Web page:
The UK economy is “stuck in a rut” because of uncertainty over Brexit and weaker confidence, according to a group representing British businesses.
In a survey, the British Chambers of Commerce found that firms in the services sector, which represents 76% of UK GDP, had “given up” hiring staff.
It also said that the UK manufacturing industry had seen exports slow.
BCC director general Adam Marshall said: “We are stuck in limbo while Brexit negotiations rumble on.”
In its third quarter economic survey of 5,600 firms, the BCC found that the percentage of services companies attempting to recruit new staff had fallen to its lowest for 25 years.
It said of those firms who did try to find new staff, 72% reported difficulties.
Dr Marshall said: “Many firms are deeply invested in developing home-grown skills and talent within their own communities however, this alone is not enough to fill the skills gaps at all levels that businesses face right now and which are set to get worse post-March 2019.”
The percentage of manufacturing firms reporting a rise in export sales and orders fell to the lowest level the fourth quarter of 2016.
Meanwhile, uncertainty over future trading conditions is constraining investment in both the manufacturing and services sectors, the BCC said.
The balance of services and manufacturing firms that looked to invest in either plant and machinery or training in recent months fell to the lowest level in more than a year.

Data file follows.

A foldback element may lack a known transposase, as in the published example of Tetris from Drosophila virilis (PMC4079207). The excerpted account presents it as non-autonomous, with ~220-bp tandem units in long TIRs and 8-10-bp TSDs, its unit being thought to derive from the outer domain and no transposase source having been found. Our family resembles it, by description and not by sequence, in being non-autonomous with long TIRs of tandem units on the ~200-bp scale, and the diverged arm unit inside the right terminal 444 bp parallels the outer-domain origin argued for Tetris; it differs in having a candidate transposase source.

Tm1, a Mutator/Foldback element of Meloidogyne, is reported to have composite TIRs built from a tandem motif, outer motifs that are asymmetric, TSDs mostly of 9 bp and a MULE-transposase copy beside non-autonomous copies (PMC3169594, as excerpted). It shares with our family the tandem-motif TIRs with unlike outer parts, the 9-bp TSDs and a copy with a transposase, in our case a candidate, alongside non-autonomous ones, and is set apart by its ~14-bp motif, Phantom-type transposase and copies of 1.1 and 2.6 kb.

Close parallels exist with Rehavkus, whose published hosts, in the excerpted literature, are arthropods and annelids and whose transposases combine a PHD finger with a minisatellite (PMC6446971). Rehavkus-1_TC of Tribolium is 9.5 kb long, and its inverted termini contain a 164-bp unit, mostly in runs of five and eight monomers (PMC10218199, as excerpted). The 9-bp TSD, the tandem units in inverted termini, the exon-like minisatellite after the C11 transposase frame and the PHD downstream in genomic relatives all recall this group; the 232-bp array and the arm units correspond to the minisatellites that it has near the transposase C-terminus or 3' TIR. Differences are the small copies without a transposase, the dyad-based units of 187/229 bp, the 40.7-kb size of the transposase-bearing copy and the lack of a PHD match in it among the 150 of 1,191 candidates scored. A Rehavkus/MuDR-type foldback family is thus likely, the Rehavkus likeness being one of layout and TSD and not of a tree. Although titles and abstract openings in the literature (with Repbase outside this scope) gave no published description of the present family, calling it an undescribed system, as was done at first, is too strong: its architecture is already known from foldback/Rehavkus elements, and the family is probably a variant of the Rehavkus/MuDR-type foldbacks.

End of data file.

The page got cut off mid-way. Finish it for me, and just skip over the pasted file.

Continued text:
Suren Thiru, head of economics at the BCC, said: “These results suggest that the current period of below average GDP growth continued into the third quarter of 2018.”
He said that while activity in the services sector had “slackened” between July and September, it is likely to be the driver of growth in the third quarter.
However he said that the manufacturing sector “remains a weak spot for the UK economy”, because of slowing exports activity.
Dr Marshall said: “These figures reinforce what we are hearing from businesses up and down the country – the uncertainty over Brexit and the lack of bold moves to boost business at home are starting to bite.”
The BCC is calling on the government to use the forthcoming Budget on Monday 29 October to bolster business investment and productivity “in the face of significant Brexit headwinds”.
A government spokesperson said: “‘Our economy has grown every year since 2010, unemployment is at a 40-year low, and the UK is one of the best places in the world to do business.
“But we are not complacent, and through the modern Industrial Strategy we are investing in skills, research and infrastructure as we build an economy fit for the future.”